Frontispiece to Elias Ashmole's publication of Arthur Dee's alchemical anthology Fasciculus Chemicus (1651).
Arthur Dee was none-too-pleased when the inquisitive antiquarian Elias Ashmole published his alchemical writings under a pseudonym. only a day after Charles I execution, 31st January 1649. Piqued, he wrote to Ashmole
I am sorry you or any man should take pains to translate any book of that art into English. for the art is vilified so much by scholars that do daily deride it, in regard they are ignorant of the principles. How then can it be in any way advanced by the vulgar? but to satisfy your question, you may be resolved that he who wrote Euclid's Preface was my father. the 'Fasciculus' I confess, was my labour and work'.
Arthur Dee (1579-1651) was the eldest son of the Elizabethan magus, John Dee. When aged 8 he accompanied his father on his peregrinations through Europe. At Prague they were guests of Rudolph I, the great alchemy-loving, Holy Roman Emperor whose court attracted many talents. After enduring fourteen years as Court physician to the first Romanov Czar at Moscow, Arthur Dee became court physician to Charles I. Sometime after his 14 years in Moscow. Arthur Dee retired to Norwich, where he befriended Thomas Browne.
The decade of the 1650's saw the greatest publication of esoteric literature England has ever witnessed. This was due not only to a liberalisation of printing-press licenses during the Protectorate of Cromwell (1650-1659) but also to the social and psychological uncertainties which the newly-established Republic engendered. Arthur Dee however was not to witness this surge of interest in esoterica for he died in September 1651. Upon his death he bequeathed several manuscripts and books of an alchemical nature to Browne. A manuscript edition of Dee's anthology is listed as once in Browne's library.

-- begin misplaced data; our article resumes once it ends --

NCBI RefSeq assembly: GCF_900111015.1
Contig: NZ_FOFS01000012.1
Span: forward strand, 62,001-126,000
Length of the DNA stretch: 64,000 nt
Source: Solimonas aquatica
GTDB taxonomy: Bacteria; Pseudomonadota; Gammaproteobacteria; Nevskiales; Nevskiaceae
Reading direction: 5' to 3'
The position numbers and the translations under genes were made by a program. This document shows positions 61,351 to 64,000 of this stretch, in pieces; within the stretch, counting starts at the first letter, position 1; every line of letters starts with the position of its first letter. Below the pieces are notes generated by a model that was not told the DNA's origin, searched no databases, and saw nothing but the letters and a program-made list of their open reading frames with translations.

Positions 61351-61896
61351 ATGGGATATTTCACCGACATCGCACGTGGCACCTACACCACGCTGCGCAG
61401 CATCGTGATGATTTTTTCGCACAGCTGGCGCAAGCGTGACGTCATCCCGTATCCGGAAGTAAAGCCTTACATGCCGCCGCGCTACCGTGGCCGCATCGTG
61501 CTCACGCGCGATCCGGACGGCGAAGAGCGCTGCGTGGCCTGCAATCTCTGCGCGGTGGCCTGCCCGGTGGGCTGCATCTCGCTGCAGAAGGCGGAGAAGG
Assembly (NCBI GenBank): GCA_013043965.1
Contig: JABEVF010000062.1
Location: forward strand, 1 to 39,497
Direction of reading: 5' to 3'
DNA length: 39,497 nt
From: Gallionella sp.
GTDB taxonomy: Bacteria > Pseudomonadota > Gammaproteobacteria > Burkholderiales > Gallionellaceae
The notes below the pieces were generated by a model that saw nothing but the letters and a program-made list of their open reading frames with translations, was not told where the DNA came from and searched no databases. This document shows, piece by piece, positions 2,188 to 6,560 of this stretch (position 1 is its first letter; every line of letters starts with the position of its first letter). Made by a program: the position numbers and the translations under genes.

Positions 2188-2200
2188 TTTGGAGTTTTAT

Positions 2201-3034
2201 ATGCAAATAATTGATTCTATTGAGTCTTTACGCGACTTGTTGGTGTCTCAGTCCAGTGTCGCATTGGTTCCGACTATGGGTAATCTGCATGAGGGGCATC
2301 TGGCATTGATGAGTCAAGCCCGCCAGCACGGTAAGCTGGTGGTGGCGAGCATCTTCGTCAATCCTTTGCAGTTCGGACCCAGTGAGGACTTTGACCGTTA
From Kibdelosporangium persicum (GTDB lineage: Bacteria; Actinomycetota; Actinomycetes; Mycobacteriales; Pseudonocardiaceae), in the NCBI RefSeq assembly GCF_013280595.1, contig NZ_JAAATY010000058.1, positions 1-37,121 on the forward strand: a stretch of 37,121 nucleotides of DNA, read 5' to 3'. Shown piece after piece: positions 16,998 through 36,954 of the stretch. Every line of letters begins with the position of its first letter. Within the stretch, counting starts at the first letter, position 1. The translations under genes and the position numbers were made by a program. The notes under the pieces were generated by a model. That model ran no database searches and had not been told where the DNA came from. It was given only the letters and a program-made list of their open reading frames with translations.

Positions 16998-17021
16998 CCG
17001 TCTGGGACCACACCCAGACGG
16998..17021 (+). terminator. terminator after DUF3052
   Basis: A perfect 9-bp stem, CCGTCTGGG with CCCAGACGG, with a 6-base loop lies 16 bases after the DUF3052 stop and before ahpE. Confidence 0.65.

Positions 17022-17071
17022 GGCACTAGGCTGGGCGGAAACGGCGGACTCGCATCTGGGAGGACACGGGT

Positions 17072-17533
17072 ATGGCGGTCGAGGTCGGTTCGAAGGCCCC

An allusion to the name Ashmole can be seen in the tree and mole in the bottom left corner of the frontispiece which depicts Sol et Luna along with their cheeky off-spring, the trickster figure and emblem of alchemy, Mercurius. The respective left and right side columns are left - an inventory of the arts and sciences ruled by the goddess Minerva ruler of learning, and right - the instruments of Mars, god and ruler of strife, conflict and war.
In many ways the publication of Fasciculus Chemicus tested the waters for Elias Ashmole and prepared for the reception, readership and a profitable book-sale of his collection of British alchemical authors, ranging from medieval to contemporary, in the compendium Theatrum Chemicum Brittanicum (1652).
A facsimile edition of Dee's book can be found here
Throughout the 1650's decade many notable first publications on Paracelsus, the Cabala, Hermetic philosophy, alchemy, the Rosicrucians and Hermes Trismegistus were printed. Its worth noting that seven years after Arthur Dee's Fasciculus Chemicus appeared, his one-time Norwich associate, Sir Thomas Browne, published in 1658 the very peak year of books printed of an esoteric subject-matter, his alchemical diptych, the discourses, Urn-Burial and The Garden of Cyrus.
Finally, it's a curious coincidence worth noting that according to Wikipedia John Dee (b.1527) and his son Arthur, shared the same birthday, July 13th. Thus John Dee was 52 years old when his first-born child Arthur was born !
Adam Maclean's scholarly web-site devoted to the study of alchemy lists the following manuscripts of interest -
573. Oxford, Bodleian Library MS. Ashmole 1790.
160 folios. Paper. 17th Century.
I. f 1-19v Spiritual actions of John Dee in Prague 1586.
II. f 22-33 Original papers relating to Dr. Dee's Actions with spirits.
III. f 34-65 Ashmole's observations and collections concerning Dee's magical or spiritual transactions, and collections concerning Dr. Dee, his son Arthur Dee and his associate Sir Edward Kelly. IV. f 68-77 Some of Ashmole's correspondence relating to Dr Dee and his family.